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Mol Autism. 2014 Mar 23;5(1):24. doi: 10.1186/2040-2392-5-24.

Transcriptomic changes in the frontal cortex associated with paternal age.

Author information

1
Institute of Psychiatry, King's College London, De Crespigny Park, Denmark Hill, London SE5 8AF, UK. j.mill@exeter.ac.uk.

Abstract

BACKGROUND:

Advanced paternal age is robustly associated with several human neuropsychiatric disorders, particularly autism. The precise mechanism(s) mediating the paternal age effect are not known, but they are thought to involve the accumulation of de novo (epi)genomic alterations. In this study we investigate differences in the frontal cortex transcriptome in a mouse model of advanced paternal age.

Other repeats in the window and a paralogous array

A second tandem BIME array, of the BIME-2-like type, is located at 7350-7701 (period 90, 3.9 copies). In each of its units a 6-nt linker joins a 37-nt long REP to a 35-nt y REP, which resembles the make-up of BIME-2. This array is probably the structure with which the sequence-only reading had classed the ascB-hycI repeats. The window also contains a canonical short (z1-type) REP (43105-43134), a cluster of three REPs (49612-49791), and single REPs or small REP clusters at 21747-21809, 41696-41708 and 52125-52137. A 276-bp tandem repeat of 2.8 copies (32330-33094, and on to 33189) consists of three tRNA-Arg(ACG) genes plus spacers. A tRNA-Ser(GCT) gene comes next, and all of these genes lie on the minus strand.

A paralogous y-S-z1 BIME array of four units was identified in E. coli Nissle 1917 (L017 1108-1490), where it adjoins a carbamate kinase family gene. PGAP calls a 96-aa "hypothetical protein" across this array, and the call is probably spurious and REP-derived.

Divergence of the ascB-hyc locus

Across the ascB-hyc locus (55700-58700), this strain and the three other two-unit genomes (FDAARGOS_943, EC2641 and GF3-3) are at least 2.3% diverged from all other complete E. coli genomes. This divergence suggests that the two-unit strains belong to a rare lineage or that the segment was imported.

FINDINGS:

Transcriptomic profiling was undertaken for medial prefrontal cortex tissue dissected from the male offspring of young fathers (2 month old, 4 sires, n = 16 offspring) and old fathers (10 month old, 6 sires, n = 16 offspring) in a mouse model of advancing paternal age. We found a number of differentially expressed genes in the offspring of older fathers, many previously implicated in the aetiology of autism. Pathway analysis highlighted significant enrichment for changes in functional networks involved in inflammation and inflammatory disease, which are also implicated in autism.

CONCLUSIONS:

We observed widespread alterations to the transcriptome associated with advanced paternal age with an enrichment of genes associated with inflammation, an interesting observation given previous evidence linking the immune system to several neuropsychiatric disorders including autism.

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